Government proposal to franchise some postal services may signal the end of the traditional rural post office.

The days of visiting a premises that is just a post office and nothing else are numbered. As rural post offices become available, they will be offered up as a franchise system. The government is asking shopkeepers to take over the business of running of the service which could signal the end of the traditional rural post office.

The proposals have been put forward by an inter-departmental working group set up to study the post office network. The 1,800 sub-post offices and 100 company offices in the state are unsustainable as standalone businesses. Losses in the sector are predicted to reach an excess of £28 million a year by 2004.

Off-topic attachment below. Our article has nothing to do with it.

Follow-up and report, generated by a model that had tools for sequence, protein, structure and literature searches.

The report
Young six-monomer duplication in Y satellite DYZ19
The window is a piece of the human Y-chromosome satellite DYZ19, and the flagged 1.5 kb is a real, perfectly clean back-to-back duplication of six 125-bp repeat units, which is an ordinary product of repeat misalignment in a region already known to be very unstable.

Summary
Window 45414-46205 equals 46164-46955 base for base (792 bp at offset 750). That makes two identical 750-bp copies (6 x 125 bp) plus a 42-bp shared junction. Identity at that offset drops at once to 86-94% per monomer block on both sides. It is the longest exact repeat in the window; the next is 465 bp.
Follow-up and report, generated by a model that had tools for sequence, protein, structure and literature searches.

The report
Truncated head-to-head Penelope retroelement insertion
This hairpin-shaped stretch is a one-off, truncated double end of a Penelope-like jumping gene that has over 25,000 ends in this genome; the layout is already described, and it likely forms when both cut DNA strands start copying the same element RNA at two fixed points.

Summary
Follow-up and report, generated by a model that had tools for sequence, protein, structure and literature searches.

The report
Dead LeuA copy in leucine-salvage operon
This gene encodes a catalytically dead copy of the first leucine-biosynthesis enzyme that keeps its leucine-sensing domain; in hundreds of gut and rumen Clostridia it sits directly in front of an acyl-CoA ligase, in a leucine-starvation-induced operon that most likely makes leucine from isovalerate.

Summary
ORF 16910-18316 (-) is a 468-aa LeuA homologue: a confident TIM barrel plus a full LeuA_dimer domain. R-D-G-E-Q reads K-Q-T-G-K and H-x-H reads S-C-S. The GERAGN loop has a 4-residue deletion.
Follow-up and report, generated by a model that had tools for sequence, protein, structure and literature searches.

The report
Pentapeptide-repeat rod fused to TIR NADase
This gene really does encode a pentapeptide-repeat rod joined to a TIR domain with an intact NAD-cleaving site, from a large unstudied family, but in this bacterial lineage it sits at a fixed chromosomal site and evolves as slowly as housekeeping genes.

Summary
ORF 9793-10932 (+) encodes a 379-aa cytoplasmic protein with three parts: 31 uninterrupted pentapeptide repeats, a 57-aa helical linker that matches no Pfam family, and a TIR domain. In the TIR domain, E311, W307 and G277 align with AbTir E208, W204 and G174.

The Irish Postmasters' Union (IPU), which represents the majority of sub-post offices, is unhappy with reforms that would see the transfer post offices to retail outlets or petrol stations. IPU acting general secretary Anthony Clinton says the local shopkeeper is effectively being asked to subsidise the post office service. The postmaster is taking on an assistant to operate the post office while he is operating the shop.

If franchises are not taken up Anthony Clinton warns,

You will see the collapse of the post office network as we know it.

Where local businesses do not take up the offer of a post office franchise, the government is committed to providing a government services agency. But this would not be happening in rural locations and is more likely to occur on a county wide basis.

The board of An Post are to meet to study the implications of the proposals.

An RTÉ News report broadcast on 30 July 2001. The reporter is Annette O'Donnell.